Tuning pro-survival effects of human induced pluripotent stem cell-derived exosomes using elastin-like polypeptides


Exosome-based regenerative therapies are potentially easier to manufacture and safer to apply compared to cell-based therapies. However, many questions remain about how to bio-manufacture reproducible and potent exosomes using animal-free reagents. Here we evaluate the hypothesis that designer biomaterial substrates can be used to alter the potency of exosomes secreted by human induced pluripotent stem cells (iPSCs). Two animal-free designer matrices were fabricated based on recombinant elastin-like polypeptides (ELPs): one including a cell-adhesive RGD ligand and a second with a non-adhesive RDG peptide. While iPSCs cultured on these two substrates and Matrigel-coated controls had similar levels of proliferation, the RDG-ELP substrate significantly increased protein expression of stemness markers OCT4 and SOX2 and suppressed spontaneous differentiation compared to those on RGD-ELP. The pro-survival potency of iPSC-derived exosomes was evaluated using three distinct stress tests: serum starvation in murine fibroblasts, hypoxia in human endothelial cells, and hyperosmolarity in canine kidney cells. In all three cases, exosomes produced by iPSCs grown on RDG-ELP substrates had similar pro-survival effects to those produced using iPSCs grown on Matrigel, while use of RGD-ELP substrates led to significantly reduced exosome potency. These data demonstrate that recombinant substrates can be designed for the robust bio-manufacturing of iPSC-derived, pro-survival exosomes. Copyright © 2022 Elsevier Ltd. All rights reserved.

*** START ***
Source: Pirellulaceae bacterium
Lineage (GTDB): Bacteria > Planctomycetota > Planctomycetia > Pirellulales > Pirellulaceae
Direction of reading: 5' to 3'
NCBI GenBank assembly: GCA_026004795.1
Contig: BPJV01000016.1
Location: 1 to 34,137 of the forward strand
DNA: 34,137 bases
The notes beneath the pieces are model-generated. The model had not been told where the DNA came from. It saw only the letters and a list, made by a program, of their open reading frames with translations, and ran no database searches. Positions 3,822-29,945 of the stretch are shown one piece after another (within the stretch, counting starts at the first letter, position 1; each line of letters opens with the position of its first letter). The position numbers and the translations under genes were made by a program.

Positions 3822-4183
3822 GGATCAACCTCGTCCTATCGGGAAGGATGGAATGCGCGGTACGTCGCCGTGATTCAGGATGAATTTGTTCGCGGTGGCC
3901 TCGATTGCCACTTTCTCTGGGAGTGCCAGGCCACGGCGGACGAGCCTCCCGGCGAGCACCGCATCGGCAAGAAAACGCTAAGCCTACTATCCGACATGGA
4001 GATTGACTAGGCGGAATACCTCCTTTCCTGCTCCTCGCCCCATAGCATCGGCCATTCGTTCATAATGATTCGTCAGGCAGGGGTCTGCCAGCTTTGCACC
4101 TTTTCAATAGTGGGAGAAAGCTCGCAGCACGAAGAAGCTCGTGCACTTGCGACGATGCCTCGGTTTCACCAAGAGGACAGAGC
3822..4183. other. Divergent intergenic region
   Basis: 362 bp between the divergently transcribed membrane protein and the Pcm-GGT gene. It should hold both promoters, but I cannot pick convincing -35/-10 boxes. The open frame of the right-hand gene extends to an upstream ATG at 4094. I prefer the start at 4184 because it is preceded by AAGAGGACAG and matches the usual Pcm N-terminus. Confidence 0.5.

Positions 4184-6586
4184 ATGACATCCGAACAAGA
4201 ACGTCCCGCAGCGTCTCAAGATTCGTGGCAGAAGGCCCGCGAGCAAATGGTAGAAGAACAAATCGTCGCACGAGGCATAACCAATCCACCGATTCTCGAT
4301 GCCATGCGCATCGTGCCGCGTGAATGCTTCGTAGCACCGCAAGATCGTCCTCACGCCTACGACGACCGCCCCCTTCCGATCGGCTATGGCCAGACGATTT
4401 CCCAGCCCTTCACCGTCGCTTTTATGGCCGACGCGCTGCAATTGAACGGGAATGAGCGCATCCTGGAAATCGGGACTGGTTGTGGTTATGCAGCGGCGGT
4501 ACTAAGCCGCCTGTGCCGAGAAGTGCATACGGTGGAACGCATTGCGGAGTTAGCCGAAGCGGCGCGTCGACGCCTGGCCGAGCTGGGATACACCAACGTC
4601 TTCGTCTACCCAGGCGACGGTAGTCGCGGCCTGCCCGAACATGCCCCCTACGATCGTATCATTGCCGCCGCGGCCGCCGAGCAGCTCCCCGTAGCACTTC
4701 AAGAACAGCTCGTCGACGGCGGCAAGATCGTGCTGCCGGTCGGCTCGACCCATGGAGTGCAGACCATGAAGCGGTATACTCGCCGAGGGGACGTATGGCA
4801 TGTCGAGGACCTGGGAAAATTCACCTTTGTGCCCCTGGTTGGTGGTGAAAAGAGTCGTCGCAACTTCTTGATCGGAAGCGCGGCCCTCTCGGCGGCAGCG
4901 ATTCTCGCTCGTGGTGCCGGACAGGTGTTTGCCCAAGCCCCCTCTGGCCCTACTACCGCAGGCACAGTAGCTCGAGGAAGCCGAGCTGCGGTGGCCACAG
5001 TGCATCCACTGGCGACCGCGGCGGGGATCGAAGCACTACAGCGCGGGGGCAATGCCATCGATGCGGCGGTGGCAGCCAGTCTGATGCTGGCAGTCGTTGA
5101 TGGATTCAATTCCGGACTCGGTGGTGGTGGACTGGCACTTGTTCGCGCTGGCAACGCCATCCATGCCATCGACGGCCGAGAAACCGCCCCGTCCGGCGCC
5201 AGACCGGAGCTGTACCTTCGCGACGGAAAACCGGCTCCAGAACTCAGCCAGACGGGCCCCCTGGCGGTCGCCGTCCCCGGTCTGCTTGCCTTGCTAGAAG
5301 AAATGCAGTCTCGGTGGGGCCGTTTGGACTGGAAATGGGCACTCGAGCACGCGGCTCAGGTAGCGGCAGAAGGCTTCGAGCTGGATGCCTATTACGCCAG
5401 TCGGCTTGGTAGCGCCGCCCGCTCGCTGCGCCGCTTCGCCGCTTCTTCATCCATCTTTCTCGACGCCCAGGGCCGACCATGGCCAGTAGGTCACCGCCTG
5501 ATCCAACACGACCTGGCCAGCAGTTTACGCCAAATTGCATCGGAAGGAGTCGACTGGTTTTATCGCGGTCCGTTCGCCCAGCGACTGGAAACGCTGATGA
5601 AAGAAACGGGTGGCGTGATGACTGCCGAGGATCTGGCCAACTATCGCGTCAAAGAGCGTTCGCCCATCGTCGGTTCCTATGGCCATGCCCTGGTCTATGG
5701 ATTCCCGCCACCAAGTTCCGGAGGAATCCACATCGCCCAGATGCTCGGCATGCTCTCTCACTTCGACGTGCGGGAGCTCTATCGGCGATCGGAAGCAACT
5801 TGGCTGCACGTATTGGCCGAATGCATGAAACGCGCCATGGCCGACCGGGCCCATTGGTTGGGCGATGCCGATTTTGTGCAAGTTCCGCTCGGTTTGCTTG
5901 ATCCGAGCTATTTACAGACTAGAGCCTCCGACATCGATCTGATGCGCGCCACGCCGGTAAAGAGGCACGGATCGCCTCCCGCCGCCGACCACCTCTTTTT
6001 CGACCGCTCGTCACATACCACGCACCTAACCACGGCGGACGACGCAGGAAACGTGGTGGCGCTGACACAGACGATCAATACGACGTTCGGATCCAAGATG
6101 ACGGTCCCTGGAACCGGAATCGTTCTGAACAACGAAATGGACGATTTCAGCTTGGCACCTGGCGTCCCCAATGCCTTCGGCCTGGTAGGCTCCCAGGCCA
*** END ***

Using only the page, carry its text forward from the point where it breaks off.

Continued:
Authors Lee CH, Hunt D, Roth JG, Chiu CC, Suhar RA, LeSavage BL, Seymour AJ, Lindsay C, Krajina BA, Chen YT, Chang KH, Hsieh IC, Chu PH, Wen MS, Heilshorn SC
Journal Biomaterials
Publication Date 2022 Oct 26;291:121864
PubMed 36343608
DOI 10.1016/j.biomaterials.2022.121864

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